7. Natalia Nehrebecka & Agata Kocia, 2009. "Analysis of poverty in Poland in 1997 - 2000 using hazard models," Working Papers 2009-09, Faculty of Economic Sciences, University of Warsaw.
    8. Islam, Nizamul & Shimeles, Abebe, 2007. "Poverty dynamics in Ethiopia: state dependence," Working Papers in Economics 260, University of Gothenburg, Department of Economics.
    9. Patricio S. Dalton & Sayantan Ghosal & Anandi Mani, 2016. "Poverty and Aspirations Failure," Economic Journal, Royal Economic Society, vol. 126(590), pages 165-188, February.
    10. Wan-Lin Chiang & Tung-liang Chiang, 2018. "Risk Factors for Persistent Child Poverty during the First Five Years of Life in Taiwan Birth Cohort Study," Child Indicators Research, Springer;The International Society of Child Indicators (ISCI), vol. 11(3), pages 885-896, June.
    11. Maes, Marjan, 2008. "Poverty persistence among Belgian elderly: true or spurious?," ISER Working Paper Series 2008-24, Institute for Social and Economic Research.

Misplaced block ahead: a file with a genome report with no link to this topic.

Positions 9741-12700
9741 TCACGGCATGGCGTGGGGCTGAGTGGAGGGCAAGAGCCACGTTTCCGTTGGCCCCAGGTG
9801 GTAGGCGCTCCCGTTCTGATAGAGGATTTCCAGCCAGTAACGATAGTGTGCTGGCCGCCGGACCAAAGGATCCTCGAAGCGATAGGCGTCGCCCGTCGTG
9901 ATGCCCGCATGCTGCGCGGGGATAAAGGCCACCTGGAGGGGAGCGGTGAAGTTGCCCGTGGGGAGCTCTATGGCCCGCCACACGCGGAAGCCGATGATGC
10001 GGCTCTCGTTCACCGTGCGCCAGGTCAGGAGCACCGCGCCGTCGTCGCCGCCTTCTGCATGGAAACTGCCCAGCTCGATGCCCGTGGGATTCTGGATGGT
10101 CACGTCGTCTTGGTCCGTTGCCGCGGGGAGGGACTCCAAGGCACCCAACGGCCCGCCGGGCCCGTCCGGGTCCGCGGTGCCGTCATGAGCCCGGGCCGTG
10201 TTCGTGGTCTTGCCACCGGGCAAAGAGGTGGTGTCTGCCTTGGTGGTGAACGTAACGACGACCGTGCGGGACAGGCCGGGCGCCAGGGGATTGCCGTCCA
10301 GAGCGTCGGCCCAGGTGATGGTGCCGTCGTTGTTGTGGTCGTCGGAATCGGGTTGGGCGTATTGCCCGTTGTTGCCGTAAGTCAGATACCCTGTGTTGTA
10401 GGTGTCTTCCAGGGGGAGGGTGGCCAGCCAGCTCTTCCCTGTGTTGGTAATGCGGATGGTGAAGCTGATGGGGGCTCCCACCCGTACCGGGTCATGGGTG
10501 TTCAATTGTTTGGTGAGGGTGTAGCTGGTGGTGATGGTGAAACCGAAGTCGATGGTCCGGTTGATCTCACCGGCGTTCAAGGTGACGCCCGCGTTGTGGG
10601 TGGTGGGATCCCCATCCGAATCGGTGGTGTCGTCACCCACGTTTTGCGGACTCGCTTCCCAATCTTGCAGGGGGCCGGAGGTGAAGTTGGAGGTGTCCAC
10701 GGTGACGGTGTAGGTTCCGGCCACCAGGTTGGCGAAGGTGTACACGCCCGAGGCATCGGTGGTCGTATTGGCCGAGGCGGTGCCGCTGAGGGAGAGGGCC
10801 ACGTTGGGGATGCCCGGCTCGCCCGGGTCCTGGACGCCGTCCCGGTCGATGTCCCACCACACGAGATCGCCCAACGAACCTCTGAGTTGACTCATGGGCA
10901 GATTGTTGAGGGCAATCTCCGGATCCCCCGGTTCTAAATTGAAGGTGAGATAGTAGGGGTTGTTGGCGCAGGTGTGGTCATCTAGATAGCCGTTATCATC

12. Michael Fertig & Marcus Tamm, 2010. "Always Poor or Never Poor and Nothing in Between? Duration of Child Poverty in Germany," German Economic Review, Verein für Socialpolitik, vol. 11(2), pages 150-168, May.
    13. Eirini Andriopoulou & Panagiotis Tsakloglou, "undated". "The determinants of poverty transitions in Europe and the role of duration dependence," DEOS Working Papers 1121, Athens University of Economics and Business.
    14. Jorgen Hansen & Roger Wahlberg, 2009. "Poverty and its persistence: a comparison of natives and immigrants in Sweden," Review of Economics of the Household, Springer, vol. 7(2), pages 105-132, June.
    15. Mathilde Clément, 2014. "Mieux comprendre les facteurs de risque de pauvreté en conditions de vie en contrôlant les caractéristiques inobservées fixes," Économie et Statistique, Programme National Persée, vol. 469(1), pages 37-59.

    Most related items

    These are the items that most often cite the same works as this one and are cited by the same works as this one.
    1. Francesco Devicienti, 2011. "Estimating poverty persistence in Britain," Empirical Economics, Springer, vol. 40(3), pages 657-686, May.